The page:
Europe’s Latest Competition News

Apple Faces a Staggering Fine of Over EUR 1,8 Billion for Dominance Abuse

The European Commission (“Commission”) has imposed a hefty fine of over EUR 1.8 billion on Apple for violating EU antitrust rules. The Commission found that Apple abused its dominant position in the market for distribution of music streaming apps to iPhone and iPad users via its App Store. The abuse primarily stems from Apple’s imposition of anti-steering provisions, preventing app developers from informing iOS users about alternative and cheaper services available outside the App Store, contravening the EU antitrust rules.

This is not the first time that the Commission has fined Apple, but it is the first time that the Commission has added a lump sum fine of EUR 1.8 billion to a base fine as a deterrent measure.


Description of abuse

The Commission noted that Apple’s dominance in providing the sole App Store platform for iPhone and iPad users across the European Economic Area (“EEA”) facilitated its control over the entire user experience. Consequently, Apple’s anti-steering provisions barred app developers from fully disclosing alternative subscription prices or including external links within the apps to their users, which hindered users’ ability to make informed choices.

This restriction can be best illustrated by the example of Spotify, the main advocate against Apple’s anti-steering provisions on the market for the distribution of music streaming apps. Namely, Spotify, a music streaming company from Sweden, publicly complained and invited the Commission several times to react when it comes to Apple’s 30% commission fees for all payments conducted on apps downloaded from the App Store, including subscriptions for its streaming platform. To circumvent this fee, Spotify directs users to register on its website outside the app and set up automatic subscription payments. However, Apple has also prohibited Spotify from including a link to its website within the Spotify app downloaded from the App Store, further hindering Spotify’s user experience.

The Commission’s decision categorises Apple’s anti-steering provisions as unfair trading conditions in breach of Article 102(a) of the Treaty on the Functioning of the European Union (“TFEU”). Over almost a decade, this conduct resulted in users potentially paying higher prices for music streaming subscriptions as Apple’s commission fees were passed on to consumers. Moreover, the Commission examined the non-monetary aspects of Apple’s conduct and found that these provisions degraded the user experience by making it burdensome for users to explore alternative offers, thereby limiting their choices.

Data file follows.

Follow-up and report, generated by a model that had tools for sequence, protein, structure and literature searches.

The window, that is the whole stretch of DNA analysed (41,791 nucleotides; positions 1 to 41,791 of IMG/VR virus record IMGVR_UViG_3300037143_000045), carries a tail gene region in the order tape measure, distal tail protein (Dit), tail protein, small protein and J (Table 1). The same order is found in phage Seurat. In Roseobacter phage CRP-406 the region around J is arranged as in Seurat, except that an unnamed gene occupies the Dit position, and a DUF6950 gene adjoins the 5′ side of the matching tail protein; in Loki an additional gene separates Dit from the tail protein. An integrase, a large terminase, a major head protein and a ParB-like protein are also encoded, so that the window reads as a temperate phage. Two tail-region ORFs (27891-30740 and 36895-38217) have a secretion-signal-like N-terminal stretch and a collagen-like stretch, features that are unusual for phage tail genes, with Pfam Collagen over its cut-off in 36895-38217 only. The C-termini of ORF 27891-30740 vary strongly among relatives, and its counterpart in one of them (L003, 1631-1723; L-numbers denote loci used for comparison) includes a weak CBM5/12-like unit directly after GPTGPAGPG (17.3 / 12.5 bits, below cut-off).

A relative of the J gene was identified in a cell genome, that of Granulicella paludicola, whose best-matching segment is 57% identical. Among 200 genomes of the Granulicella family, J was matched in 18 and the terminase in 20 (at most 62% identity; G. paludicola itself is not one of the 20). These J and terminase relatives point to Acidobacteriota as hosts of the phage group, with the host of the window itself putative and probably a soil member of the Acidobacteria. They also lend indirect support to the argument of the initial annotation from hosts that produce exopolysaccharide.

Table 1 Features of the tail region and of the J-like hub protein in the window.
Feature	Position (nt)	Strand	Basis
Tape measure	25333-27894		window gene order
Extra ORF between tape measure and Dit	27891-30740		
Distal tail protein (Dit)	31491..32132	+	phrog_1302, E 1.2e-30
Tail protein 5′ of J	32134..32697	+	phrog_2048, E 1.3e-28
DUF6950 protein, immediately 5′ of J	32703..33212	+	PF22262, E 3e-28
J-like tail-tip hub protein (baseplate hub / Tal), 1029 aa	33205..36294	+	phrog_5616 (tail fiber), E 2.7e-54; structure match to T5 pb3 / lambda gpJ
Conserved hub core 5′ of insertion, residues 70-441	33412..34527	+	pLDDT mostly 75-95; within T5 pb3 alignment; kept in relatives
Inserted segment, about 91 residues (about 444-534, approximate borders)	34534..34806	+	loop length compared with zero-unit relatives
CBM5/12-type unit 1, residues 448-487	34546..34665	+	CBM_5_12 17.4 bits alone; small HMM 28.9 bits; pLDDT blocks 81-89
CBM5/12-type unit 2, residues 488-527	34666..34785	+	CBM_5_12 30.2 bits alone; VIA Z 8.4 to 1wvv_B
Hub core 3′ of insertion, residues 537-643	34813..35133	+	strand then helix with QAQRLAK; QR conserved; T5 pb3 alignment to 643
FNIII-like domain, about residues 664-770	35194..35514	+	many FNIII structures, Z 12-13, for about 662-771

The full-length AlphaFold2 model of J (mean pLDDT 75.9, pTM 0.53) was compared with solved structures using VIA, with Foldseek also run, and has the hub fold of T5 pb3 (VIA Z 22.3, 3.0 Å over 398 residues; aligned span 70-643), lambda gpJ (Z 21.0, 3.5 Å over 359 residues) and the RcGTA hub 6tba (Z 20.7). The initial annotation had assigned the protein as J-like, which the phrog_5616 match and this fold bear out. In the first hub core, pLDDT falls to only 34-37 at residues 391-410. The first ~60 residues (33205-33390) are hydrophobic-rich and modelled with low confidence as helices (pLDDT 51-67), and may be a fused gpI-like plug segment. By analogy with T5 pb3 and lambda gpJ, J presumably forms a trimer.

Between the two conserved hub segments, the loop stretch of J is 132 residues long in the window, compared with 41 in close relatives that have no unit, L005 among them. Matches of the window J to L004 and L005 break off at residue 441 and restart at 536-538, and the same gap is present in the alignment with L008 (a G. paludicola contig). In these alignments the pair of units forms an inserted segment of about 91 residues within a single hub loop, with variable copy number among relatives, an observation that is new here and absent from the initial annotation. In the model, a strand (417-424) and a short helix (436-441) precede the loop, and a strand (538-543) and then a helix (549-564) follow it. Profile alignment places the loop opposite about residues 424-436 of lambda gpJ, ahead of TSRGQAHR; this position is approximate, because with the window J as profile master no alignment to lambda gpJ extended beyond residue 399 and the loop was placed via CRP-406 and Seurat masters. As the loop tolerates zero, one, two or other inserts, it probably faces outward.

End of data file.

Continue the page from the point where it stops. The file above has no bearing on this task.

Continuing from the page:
The Commission increased the fine to deter future violations

The Commission determined the fine against Apple considering factors such as the duration and severity of the infringement, as well as Apple’s financial metrics like turnover and market capitalization. Additionally, the Commission took into account Apple’s provision of incorrect information during the proceedings as an aggravating circumstance. The base fine, calculated in accordance with the mentioned approach, would amount to a mere EUR 40 million. In the words of the EU Competition Commissioner, Ms. Margrethe Vestager, this number is akin to a “parking fine” for a company such as Apple. Thus, to ensure a deterrent effect, the Commission increased the base fine with an additional lump sum of EUR 1.8 billion, acknowledging the significant non-monetary harm caused by the infringement, which could not be adequately addressed through traditional revenue-based methodologies. This marks the rare use of the Commission’s fining powers that allow for the fine increase for deterrence reasons, and the first instance of its use in a dominance-abuse case.

Concluding that the total fine surpassing EUR 1.8 billion is proportionate to Apple’s global revenues, the Commission aims to deter both Apple and similarly sized companies from engaging in alike anticompetitive behaviour. Alongside the fine, the Commission has mandated Apple to remove the anti-steering provisions and refrain from repeating the infringement or adopting similar practices in the future to uphold fair competition in the digital marketplace.


Apple’s response and market reactions

Apple responded fiercely to the fine, pointing out that Spotify, a European company, stands to benefit the most from the Commission’s decision.

According to Apple, Spotify with its dominant position in Europe’s music streaming market, has extensively engaged with the Commission, as Spotify and the Commission met over 65 times during the investigation. Apple contended that Spotify’s success is partly attributable to the infrastructure provided by Apple, including the App Store, despite Spotify not paying any fees for these services. Namely, unlike other developers subject to Apple’s 30% commission on in-app purchases, Spotify circumvents this fee by selling subscriptions directly on its website. Furthermore, Apple announced its intention to appeal before the Court of Justice of the EU. Thus, it remains to be seen if the Court will uphold the Commission’s fine which is 46 times higher than the base fine.

Meanwhile, Spotify welcomed the Commission’s decision as a significant step towards a more open market for consumers. At the same time, the Coalition for App Fairness, an association of app developers such as Basecamp, Epic Games and Proton, applauded the Commission, inviting for “more to be done to truly create a fair and open mobile app ecosystem that benefits consumers and developers”.


The information in this document does not constitute legal advice on any particular matter and is provided for general informational purposes only.